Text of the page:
SAN JOSE -- Raffi Torres is under the microscope. Both he and the Sharks know it.
As Torres prepares to play his first game since a series-long suspension in the playoffs, he understands that he has to make adjustments to his hard-charging -- some would say reckless -- style.
"There's no doubt that everything I do out there is going to be magnified," Torres said Wednesday, later adding: "My past isn't on my side."
Friday night's exhibition game against the Anaheim Ducks at the re-christened SAP Center is likely to be his initial chance to put an updated approach into practice.
"I'm definitely going to focus on what I've been working on and talking about with the coaches -- stick-on-puck first and then kind of rubbing the guy out instead of going for the big hit and then lifting the puck," Torres said.
A questionable hit on Los Angeles Kings center Jarret Stoll in Game 1 of the second round of last season's Stanley Cup playoffs ended Torres' postseason. The Sharks backed him, general manager Doug Wilson first receiving a $100,000 fine for complaining about the suspension, then signing Torres to a new three-year, $6 million contract.
Torres' arrival at last season's trade deadline helped transform the Sharks into a quicker team that played a drive-the-net style. He brought speed and scoring as well as hard hits, chipping in two goals and four assists in 11 games with San Jose. His playoff goal in overtime against the Vancouver Canucks helped the Sharks sweep their first-round opponent.
"When I came here, I'd never held onto the puck in the last three years more than I did the month and a half I was here," he said. "I was skating with the puck, moving my feet."
Coach Todd McLellan sees Torres as a player who can help the Sharks win in multiple ways if he continues to play hard without crossing that invisible but very real line.
"We've worked with him and will continue to remind him," McLellan said. "What we don't want is him backed off. He'll continue to have our support all the way through. It's not a daily thing, but it's an ongoing thing."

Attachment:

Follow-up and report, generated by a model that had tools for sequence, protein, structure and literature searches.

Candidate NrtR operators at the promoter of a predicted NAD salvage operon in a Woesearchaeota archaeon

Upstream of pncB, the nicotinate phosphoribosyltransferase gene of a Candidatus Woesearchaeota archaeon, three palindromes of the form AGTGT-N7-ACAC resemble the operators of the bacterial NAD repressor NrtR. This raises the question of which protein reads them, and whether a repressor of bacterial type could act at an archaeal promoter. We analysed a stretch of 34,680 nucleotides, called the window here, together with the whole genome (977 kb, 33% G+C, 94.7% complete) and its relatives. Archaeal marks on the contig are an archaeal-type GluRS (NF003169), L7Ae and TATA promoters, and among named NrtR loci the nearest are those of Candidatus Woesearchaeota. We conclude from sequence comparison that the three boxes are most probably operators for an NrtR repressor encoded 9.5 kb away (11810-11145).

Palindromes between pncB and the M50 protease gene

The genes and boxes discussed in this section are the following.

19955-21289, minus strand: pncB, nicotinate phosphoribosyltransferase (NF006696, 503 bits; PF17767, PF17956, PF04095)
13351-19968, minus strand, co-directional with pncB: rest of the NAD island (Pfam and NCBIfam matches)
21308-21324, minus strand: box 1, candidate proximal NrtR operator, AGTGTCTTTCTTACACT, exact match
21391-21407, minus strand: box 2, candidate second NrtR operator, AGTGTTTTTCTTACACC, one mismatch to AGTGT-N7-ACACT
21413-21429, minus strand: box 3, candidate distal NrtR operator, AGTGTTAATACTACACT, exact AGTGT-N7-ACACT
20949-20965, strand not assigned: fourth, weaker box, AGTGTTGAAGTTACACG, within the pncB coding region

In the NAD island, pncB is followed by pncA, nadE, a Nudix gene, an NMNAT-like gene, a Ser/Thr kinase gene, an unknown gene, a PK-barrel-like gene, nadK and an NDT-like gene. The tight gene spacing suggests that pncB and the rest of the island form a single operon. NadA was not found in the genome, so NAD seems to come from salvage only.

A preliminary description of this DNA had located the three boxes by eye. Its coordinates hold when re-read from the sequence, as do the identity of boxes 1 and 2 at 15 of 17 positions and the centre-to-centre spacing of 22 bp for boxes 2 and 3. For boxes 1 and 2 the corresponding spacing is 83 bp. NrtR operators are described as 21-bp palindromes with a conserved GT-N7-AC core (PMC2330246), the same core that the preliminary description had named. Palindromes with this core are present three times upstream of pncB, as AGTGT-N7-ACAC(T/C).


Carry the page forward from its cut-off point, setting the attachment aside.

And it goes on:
The Sharks, he added, want Torres "to play hard and to finish hard -- just to do it the proper way. If he does that, we have a great asset."
Torres said he knows the proper way involves playing smarter and giving up past practices that have gotten him in trouble as the league cracks down on high hits. And that means more than avoiding head-on collisions.
"For me it's going to be about just focusing on keeping my feet on the ice and try not to clip guys from the side," Torres said.
At the same time, he, like his coach, wants opposing players to be concerned about what might happen next.
"Hopefully I'll be in other guys' heads, you never know," Torres said. "I'm sure everybody thinks that maybe today's the day he throws that big hit again, and he's going to get in trouble."
Torres is likely to play on several lines this season. The first week of training camp he was skating with Logan Couture and Patrick Marleau, a combination that was successful against Vancouver. Wednesday, he was alongside Joe Pavelski and Tommy Wingels.
Wherever he ends up, Torres wants to keep his game the same.
"Just keep getting to the net, up and down my wall, pucks off the net and finishing hits," he said. "Just stay in that rhythm."
For more on the Sharks, see David Pollak's Working the Corners blog at blogs.mercurynews.com/sharks.